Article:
And, more importantly, that they will one day find selfless ways to give back to the world, as well.

6 comments:

Hopewell said...

That was an excellent lesson. I remember in 6th grade my all-white middle class, suburban VBS class were shocked to such realities by trips [this was in '73] to a local migrant camp and to a street shelter [I don't think they called it then] and to a food pantry. Many parents complained and the program was not repeated. My parents fully supported it--I'm thankful. My kids, coming from abandonment in Ukraine, understand street violence, hunger etc, but the memory is dimming. I may "borrow" this lesson next year. Thank you for telling this.

Life in a tiki hut said...

Hi,

I know that you are a pastor and since you have found out about the all too stark reality for the worlds hungry and poor. As a Pastor, did your congreation participate with Bread for the World's Offering of Letters? Full disclosure i work for them but we're a collective christian voice urging our nations lawmakers to end hunger here and abroad. I would love to connect you to your regional organizer if you're interested in participating in such an event.

Other Mother said...

Great Idea. Great Dad!
Well done, Sir.

Amelia said...

I have to point out that part of the problem with using food stamps to meet the needs of the hungry is that so many cannot cook or lack the facilities and equipment or lack access to discounted, bulk foods. The food stamps allotment of $1.75 per meal per person actually exceeds my family food budget and we eat very well. For our family of 8, that comes to over $1200 a month. Have you considered plowing up a good piece of your church lawn and planting it with veggies for the food bank this summer? Or teaching classes on stretching food dollars and cooking nutritious meals in the church kitchen- and providing transportation to the classes for those who need it? Saving all sorts of containers to help people do some container gardening? Food stamps will pay for fruit and veggie seeds if they are bought where food is sold.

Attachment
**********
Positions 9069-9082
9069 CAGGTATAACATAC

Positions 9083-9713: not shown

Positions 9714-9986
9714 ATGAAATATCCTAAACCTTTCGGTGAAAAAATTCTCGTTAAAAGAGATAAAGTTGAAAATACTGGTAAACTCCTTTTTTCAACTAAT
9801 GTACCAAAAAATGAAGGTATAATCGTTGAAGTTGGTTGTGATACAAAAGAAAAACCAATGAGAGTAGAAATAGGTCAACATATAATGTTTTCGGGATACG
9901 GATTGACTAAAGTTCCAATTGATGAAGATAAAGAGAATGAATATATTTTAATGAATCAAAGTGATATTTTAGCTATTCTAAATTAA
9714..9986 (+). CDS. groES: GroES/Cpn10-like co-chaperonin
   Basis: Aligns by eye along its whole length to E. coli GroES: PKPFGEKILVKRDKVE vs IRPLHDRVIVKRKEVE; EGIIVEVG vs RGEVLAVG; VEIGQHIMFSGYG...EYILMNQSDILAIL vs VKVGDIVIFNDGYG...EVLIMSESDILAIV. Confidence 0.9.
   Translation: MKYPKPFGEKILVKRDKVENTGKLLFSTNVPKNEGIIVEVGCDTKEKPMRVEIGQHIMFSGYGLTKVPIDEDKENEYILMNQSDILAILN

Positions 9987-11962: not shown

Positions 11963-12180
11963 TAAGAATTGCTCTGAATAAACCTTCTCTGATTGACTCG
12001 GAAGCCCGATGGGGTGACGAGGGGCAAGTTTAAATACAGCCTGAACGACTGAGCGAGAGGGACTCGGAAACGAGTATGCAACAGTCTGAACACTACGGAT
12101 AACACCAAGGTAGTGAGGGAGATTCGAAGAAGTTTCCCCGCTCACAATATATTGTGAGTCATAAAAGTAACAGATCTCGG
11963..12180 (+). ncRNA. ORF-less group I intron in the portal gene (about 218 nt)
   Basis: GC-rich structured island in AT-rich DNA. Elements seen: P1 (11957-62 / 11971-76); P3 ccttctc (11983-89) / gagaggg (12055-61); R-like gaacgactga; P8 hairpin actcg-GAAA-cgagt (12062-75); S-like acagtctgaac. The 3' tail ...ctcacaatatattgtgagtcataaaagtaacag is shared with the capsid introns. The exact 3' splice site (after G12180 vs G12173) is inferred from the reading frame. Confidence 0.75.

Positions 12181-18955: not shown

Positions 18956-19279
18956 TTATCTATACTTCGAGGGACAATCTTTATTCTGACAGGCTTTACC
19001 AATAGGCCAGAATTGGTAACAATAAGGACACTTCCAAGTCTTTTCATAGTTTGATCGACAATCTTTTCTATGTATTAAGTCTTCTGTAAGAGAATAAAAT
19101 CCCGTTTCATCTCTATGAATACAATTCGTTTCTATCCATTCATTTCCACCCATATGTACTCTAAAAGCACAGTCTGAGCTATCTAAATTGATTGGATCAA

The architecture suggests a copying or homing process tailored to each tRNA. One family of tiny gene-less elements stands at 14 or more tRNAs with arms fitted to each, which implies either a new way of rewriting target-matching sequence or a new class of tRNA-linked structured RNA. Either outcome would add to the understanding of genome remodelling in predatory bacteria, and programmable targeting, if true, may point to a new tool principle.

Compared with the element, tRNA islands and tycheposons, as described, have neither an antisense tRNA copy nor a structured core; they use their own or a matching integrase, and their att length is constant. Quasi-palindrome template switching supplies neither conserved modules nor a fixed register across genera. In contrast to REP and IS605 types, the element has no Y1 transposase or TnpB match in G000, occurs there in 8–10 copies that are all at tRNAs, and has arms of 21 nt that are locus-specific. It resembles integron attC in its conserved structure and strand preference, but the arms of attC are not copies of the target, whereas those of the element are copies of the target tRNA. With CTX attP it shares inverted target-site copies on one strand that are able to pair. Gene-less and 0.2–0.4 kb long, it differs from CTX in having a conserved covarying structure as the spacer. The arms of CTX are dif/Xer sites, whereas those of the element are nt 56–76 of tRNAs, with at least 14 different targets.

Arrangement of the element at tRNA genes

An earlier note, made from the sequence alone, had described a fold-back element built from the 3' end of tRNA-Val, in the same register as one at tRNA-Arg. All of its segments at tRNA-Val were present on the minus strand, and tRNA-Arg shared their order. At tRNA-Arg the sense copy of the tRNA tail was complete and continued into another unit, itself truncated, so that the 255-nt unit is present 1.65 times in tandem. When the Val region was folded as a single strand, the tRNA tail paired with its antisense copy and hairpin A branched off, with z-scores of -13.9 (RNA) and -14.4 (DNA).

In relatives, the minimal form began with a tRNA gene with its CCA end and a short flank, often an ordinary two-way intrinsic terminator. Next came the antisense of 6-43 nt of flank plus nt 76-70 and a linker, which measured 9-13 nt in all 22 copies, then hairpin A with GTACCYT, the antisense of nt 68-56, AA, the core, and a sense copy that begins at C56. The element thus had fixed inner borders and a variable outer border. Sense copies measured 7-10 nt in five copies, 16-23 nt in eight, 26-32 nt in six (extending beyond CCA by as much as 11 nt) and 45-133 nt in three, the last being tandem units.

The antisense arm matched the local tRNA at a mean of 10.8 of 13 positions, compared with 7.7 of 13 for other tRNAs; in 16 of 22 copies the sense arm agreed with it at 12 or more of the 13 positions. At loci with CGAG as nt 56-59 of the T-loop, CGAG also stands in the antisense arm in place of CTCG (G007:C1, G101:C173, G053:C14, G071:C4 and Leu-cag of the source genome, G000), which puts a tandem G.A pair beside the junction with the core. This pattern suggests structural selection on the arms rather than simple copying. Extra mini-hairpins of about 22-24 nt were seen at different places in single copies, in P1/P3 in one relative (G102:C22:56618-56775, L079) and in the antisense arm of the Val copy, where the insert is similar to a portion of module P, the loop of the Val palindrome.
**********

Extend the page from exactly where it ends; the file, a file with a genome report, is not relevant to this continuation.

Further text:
Social Justice is not just the realm of the government- it is the personal work of every Christian. I think your lesson was a great start and I hope you take it much, much farther.

Bart said...

Agreed that social justice is not just (or maybe even primarily) the realm of government services. Unfortunately too many people of faith have abdicated any kind of concern for those at the margins of life, believing (erroneously) that's why "we pay taxes." Even beyond the financial piece, it is my earnest contention that God intends person-to-person connection ... all of us fare better when we remember those who are not like "us." As far as plowing up the church ground, we unfortunately have virtually no green space ... we are packed and getting more packed in our relatively small facility and parking lot. Great ideas, though!

Paula said...

Hey Bart, you can plant container gardens that will not only feed folks, but add some wonderful color to your parking lot. It really doesn't take much room at all to grow food if you plant the right things. My little 4x6 raised bed produced over 50 lbs of lettuce in just two short months and would have produced more had I reseeded later in the summer. Also, consider planting a few full sized fruit trees. They will take time to grow, but I know a lady who contributed 500 lbs of apples to the local food shelf last year from just a few trees.

I too have to let you know that our food budget is way under the $1.75/meal per person. It all depends on how much cooking from scratch you are willing to do.(or know how to do.) Oats, farina, rice, and pasta are cheap and a good source of carbs. Fresh fruits and veggies can be cheap if you buy what's in season. Proteins are expensive unless you cook beans and eggs. Lentils and barely are cheap and nutrient rich foods. I think cooking classes would be an excellent idea. Too many people today can't cook and rely on the expensive packaged items in the grocery store.